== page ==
"We are encouraged by the increased data center demand from a diverse set of customers and improving 5G-related activity that began earlier this year and will continue into Q3," CEO Thompson Lin said on last month's second-quarter earnings call. "During the second quarter, we saw significant improvement in our telecom and cable sectors. Revenue in our telecom segment more than doubled sequentially and outpaced our cable TV business, driven by increased 5G activity."
The next few quarters might be a bit bumpy due to the unpredictable pace of 5G installations during a pandemic, but the long-term promise of solid growth is not in doubt. Applied Optoelectronics is a solid buy right now, and the 5G revolution is an important ingredient of this company's enticing growth prospects.
5G will greatly increase demand for DRAM and NAND
Billy Duberstein (Micron Technology): The 5G era is just getting started, which should mean bigger and better demand for memory and storage demand for the foreseeable future. Micron Technology is one of the best-positioned stocks to capitalize on that opportunity, with a best-in-class portfolio across DRAM memory, NAND flash storage, and a new type of "fast storage" called 3D Xpoint.
DRAM is especially important for Micron, as it gets about two-thirds of its revenue from that product and an even higher amount of gross profits. Fortunately, the DRAM industry only has three large players as of today, and 5G phones will require much more DRAM than 4G phones. Even low-end 5G phones, which is the largest part of the phone market, will require twice the amount of DRAM and NAND per unit. So even without much unit growth, mobile DRAM demand is set to double in the 5G era.
But it's not just phone memory that will take off from 5G. Faster 5G networks will create a "virtuous cycle" whereby more computing power will also be needed in data centers, edge computing clusters, "smart" vehicles, and IoT devices to interact with 5G networks, creating more memory demand for lots and lots of applications.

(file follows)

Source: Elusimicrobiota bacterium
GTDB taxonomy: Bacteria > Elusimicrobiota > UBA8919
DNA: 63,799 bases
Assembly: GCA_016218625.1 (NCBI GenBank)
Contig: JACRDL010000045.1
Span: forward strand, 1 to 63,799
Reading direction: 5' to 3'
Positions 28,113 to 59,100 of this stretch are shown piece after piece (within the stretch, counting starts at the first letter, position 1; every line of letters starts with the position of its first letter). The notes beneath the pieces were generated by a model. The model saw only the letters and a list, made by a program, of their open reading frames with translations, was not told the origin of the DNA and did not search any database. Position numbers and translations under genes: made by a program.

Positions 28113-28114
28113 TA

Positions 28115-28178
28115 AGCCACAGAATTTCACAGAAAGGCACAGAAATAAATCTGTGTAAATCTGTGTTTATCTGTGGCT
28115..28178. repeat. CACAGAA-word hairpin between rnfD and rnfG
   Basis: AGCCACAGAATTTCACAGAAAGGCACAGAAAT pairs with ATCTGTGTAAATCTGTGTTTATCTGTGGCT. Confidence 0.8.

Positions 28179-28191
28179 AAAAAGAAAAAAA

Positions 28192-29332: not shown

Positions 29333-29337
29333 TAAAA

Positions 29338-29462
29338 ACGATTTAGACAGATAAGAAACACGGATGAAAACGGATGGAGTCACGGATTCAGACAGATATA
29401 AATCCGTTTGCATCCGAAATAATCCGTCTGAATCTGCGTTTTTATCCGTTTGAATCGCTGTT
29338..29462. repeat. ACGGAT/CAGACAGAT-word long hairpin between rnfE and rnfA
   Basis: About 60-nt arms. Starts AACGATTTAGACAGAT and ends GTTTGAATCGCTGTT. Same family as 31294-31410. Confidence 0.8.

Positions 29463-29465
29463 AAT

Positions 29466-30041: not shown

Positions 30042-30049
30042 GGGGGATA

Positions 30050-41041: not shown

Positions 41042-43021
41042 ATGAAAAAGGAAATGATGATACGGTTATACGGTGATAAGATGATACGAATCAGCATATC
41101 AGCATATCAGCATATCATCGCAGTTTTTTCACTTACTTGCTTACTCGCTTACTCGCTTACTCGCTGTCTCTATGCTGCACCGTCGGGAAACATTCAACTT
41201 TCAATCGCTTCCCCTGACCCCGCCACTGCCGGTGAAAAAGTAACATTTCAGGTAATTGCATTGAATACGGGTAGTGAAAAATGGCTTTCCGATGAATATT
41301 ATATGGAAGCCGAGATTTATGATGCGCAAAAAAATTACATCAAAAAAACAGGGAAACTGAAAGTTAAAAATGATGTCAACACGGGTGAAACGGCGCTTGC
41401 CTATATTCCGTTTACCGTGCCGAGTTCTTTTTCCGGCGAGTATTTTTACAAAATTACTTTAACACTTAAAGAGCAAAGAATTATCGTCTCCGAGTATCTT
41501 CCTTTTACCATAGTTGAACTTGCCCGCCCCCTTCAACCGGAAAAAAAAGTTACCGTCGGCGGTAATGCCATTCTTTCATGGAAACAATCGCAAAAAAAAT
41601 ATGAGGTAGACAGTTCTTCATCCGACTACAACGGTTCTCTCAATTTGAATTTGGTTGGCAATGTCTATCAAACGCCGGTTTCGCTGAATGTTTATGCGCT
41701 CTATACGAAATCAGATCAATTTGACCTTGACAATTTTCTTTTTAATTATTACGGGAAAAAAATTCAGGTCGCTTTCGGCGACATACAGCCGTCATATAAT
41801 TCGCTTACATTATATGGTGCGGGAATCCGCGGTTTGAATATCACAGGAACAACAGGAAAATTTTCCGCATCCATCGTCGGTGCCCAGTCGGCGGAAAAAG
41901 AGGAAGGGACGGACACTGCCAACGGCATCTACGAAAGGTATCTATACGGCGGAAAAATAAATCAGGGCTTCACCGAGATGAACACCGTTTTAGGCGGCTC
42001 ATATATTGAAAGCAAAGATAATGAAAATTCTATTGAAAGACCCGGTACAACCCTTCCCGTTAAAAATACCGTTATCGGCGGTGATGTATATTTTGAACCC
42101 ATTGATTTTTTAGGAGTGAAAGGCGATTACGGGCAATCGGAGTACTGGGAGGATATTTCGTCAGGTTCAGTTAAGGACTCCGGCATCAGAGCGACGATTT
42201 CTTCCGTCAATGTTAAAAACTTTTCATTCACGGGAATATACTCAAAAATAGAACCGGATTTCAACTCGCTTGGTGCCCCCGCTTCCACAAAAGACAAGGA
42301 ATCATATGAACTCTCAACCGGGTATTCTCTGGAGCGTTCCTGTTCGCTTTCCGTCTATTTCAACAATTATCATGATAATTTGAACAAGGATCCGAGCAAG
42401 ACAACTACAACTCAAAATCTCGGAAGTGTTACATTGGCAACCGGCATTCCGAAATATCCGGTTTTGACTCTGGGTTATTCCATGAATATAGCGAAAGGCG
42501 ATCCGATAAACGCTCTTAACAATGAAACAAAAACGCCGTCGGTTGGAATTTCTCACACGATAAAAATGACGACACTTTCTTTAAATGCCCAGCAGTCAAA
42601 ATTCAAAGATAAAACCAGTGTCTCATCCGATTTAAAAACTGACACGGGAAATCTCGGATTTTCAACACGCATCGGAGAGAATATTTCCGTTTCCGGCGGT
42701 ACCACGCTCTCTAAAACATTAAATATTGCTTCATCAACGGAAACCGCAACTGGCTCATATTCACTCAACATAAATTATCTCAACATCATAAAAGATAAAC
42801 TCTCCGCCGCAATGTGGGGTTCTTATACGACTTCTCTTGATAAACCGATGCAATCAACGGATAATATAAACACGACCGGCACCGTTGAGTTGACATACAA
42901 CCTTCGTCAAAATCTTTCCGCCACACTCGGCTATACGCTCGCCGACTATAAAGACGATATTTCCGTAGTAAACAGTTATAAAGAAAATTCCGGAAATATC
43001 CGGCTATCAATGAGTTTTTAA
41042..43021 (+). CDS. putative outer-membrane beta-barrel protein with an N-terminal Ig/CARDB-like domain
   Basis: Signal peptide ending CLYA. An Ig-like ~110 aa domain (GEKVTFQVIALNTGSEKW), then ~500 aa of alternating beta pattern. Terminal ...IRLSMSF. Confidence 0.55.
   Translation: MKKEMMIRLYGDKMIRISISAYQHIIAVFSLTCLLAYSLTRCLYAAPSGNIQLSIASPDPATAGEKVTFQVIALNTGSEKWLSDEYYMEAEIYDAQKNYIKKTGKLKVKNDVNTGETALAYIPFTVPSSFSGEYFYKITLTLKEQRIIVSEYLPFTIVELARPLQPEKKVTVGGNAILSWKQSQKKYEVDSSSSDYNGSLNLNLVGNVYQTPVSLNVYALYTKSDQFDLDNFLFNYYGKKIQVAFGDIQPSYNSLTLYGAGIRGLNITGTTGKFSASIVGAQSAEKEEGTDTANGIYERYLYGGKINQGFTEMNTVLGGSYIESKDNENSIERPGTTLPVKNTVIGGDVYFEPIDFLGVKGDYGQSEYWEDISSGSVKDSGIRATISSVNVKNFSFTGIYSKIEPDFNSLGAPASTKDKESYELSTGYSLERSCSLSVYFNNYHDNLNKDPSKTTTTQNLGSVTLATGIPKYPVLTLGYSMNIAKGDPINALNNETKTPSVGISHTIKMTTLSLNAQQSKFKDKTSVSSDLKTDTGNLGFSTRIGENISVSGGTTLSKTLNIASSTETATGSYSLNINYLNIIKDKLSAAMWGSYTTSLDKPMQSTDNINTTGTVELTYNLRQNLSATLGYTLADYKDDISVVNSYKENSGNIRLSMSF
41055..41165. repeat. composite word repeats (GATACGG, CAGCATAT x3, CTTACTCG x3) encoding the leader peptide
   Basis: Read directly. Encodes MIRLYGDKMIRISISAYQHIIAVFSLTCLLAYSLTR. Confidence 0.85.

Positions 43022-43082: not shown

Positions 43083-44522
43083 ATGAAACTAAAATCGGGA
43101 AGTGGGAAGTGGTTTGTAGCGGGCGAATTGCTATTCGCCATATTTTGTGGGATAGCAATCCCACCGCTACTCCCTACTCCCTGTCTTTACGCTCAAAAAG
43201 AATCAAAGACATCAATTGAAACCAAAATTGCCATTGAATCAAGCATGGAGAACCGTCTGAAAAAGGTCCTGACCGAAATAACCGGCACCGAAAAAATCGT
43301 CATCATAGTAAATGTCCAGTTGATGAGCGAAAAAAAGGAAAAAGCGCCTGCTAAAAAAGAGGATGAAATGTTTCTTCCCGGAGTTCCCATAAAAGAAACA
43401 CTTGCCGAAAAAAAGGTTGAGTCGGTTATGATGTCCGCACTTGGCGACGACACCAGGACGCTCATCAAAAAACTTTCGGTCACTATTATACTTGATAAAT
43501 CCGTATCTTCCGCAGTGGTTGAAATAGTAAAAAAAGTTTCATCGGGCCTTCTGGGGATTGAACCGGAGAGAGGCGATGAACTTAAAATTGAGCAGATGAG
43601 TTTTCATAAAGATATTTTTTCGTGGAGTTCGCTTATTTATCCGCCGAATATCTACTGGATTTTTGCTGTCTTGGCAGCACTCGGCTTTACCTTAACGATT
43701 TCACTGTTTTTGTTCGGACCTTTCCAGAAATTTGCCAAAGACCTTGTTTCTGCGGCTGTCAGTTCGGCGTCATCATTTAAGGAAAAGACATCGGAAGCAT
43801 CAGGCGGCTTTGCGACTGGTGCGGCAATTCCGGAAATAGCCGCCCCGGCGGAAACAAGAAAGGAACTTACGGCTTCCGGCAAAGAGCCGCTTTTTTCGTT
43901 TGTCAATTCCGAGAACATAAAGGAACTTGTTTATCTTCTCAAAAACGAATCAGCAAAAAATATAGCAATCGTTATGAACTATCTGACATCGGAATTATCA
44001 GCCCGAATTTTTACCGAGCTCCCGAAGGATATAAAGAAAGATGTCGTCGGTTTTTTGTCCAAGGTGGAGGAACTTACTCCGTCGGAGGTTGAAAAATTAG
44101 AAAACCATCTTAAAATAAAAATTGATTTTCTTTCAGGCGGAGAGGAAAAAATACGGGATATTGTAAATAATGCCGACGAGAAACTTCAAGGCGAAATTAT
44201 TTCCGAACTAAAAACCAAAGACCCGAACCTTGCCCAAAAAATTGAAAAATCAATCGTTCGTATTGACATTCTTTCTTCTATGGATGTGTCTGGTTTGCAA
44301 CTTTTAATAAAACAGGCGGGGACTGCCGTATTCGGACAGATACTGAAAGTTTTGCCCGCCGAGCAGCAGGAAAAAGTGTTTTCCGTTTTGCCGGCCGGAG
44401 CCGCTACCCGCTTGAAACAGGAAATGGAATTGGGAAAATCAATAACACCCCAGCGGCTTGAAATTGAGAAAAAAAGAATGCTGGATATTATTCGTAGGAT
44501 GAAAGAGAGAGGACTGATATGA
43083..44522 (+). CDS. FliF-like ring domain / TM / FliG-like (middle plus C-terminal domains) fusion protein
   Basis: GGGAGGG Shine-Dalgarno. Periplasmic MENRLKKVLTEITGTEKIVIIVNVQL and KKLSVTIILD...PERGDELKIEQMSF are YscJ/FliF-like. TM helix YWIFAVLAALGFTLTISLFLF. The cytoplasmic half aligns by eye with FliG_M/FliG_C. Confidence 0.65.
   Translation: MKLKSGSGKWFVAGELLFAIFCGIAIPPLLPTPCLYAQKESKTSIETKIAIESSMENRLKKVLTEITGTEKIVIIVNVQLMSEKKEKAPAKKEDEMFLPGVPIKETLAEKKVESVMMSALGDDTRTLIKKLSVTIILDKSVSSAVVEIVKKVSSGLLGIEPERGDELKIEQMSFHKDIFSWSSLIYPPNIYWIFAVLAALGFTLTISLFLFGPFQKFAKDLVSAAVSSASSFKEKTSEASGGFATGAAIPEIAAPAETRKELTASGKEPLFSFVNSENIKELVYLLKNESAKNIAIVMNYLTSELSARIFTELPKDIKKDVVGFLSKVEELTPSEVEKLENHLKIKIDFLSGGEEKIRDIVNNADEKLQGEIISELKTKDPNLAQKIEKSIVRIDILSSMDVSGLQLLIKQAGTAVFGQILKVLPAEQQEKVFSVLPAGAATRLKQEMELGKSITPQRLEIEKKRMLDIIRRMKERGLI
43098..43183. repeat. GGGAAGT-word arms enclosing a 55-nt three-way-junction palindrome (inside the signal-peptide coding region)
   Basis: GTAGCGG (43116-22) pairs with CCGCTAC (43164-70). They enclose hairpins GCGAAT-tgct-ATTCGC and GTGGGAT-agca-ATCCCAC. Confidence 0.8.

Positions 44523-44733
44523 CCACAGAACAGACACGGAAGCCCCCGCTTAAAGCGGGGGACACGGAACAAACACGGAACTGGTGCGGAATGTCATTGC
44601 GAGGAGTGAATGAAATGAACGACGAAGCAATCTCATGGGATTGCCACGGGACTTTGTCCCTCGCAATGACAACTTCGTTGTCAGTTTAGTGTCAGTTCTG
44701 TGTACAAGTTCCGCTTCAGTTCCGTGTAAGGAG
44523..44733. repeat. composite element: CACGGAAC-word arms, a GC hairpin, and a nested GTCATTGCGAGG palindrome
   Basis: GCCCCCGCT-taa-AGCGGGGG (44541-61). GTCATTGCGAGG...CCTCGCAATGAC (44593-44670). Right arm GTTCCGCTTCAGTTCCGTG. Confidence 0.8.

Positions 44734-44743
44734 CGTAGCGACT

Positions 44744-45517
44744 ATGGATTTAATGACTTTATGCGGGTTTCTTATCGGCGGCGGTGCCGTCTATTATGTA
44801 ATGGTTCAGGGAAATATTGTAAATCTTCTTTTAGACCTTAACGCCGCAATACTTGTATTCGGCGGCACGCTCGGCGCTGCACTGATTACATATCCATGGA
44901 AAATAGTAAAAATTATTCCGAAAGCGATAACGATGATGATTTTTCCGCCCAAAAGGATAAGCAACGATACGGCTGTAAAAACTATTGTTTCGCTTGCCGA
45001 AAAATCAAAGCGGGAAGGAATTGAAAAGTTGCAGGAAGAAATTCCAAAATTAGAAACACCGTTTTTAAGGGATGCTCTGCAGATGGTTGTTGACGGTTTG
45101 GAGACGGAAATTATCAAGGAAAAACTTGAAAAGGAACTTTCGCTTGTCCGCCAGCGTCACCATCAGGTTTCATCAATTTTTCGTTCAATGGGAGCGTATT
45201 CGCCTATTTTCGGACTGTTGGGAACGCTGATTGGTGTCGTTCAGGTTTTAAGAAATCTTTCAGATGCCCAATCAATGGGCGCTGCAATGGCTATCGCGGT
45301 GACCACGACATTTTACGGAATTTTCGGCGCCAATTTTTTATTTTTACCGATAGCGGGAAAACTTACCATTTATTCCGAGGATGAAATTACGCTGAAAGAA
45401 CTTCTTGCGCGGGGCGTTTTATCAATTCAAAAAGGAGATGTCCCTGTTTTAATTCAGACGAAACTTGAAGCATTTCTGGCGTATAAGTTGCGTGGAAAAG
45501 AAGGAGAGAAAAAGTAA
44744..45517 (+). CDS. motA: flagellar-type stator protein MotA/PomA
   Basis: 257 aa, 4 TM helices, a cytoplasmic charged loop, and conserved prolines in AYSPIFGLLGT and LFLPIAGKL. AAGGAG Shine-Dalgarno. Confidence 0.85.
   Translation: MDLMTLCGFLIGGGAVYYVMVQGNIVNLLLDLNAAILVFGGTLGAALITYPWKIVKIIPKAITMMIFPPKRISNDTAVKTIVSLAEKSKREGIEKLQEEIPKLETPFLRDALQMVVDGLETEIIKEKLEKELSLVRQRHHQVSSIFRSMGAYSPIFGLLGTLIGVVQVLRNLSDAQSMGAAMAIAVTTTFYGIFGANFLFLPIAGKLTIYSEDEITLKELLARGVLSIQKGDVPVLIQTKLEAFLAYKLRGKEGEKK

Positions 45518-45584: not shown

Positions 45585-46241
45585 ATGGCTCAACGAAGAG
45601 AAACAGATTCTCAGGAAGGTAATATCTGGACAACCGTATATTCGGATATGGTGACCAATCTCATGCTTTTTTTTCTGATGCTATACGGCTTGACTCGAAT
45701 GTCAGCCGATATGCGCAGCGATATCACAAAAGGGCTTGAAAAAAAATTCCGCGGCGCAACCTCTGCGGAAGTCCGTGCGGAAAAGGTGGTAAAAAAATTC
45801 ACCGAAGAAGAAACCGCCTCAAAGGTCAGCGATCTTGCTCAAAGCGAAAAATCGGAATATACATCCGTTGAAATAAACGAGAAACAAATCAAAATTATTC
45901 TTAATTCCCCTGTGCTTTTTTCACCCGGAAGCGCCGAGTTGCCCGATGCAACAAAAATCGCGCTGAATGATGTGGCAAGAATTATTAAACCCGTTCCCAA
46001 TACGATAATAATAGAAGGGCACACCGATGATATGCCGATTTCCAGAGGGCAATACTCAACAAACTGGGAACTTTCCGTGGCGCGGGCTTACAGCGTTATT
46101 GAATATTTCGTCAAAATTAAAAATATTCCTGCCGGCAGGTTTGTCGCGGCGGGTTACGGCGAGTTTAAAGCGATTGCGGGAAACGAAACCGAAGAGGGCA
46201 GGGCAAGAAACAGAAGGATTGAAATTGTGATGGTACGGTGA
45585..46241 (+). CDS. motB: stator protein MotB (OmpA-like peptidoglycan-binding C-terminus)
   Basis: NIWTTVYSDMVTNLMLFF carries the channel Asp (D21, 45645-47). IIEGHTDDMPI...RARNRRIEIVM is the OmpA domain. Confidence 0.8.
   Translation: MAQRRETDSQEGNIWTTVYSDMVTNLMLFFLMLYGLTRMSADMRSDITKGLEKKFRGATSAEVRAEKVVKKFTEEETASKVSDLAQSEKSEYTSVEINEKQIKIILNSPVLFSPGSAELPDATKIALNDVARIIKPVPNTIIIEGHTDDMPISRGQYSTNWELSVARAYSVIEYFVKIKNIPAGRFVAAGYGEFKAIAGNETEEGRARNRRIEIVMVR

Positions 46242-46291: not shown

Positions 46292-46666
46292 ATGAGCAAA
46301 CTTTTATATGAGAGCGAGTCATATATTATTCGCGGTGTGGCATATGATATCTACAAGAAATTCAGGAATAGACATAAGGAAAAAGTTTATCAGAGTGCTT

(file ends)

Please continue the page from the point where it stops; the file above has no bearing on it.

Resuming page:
5G will also go hand-in-hand with artificial intelligence. Up until now, Micron hadn't had an AI-specific high-bandwidth memory (HBM) product, but fortunately, the company recently introduced its first HBM. Going forward, I would expect this product to lead to incremental strength for Micron that tech investors have realized in AI-focused chip companies such as NVIDIA (NVDA -0.66%) and Advanced Micro Devices (AMD -1.22%).
Even with these long-term tailwinds, investors can pick up Micron stock for a bargain price in September, at just 1.3 times book value. The stock has pulled back a little bit recently, as investors worry this year's strong first-half demand has pulled forward demand from the second half of the year, which could lead to a quarterly downturn. In addition, new U.S. trade rules targeting Chinese tech giant Huawei may mean Micron will have to stop shipping products to Huawei starting Sept. 14, and Huawei accounted for almost 10% of sales in the recent quarter.
While these may both be headwinds for the current quarter, it should be noted that Micron also sells a lot of product to Huawei competitor Xiaomi (XIACY), who could potentially take 5G market share from Huawei if Huawei is forced to use inferior components. In fact, Xiaomi and Micron teamed up in a February press release touting Micron's industry-leading LPDDR5 DRAM memory inside Xiaomi's new flagship 5G phone, the Mi 10.
Basically, the COVID-19 and trade war era has caused a lot of volatility around memory supply and demand, but the long-term picture for Micron still looks rosy as the 5G era spurs accelerated memory demand over the next 5 to 10 years, starting now.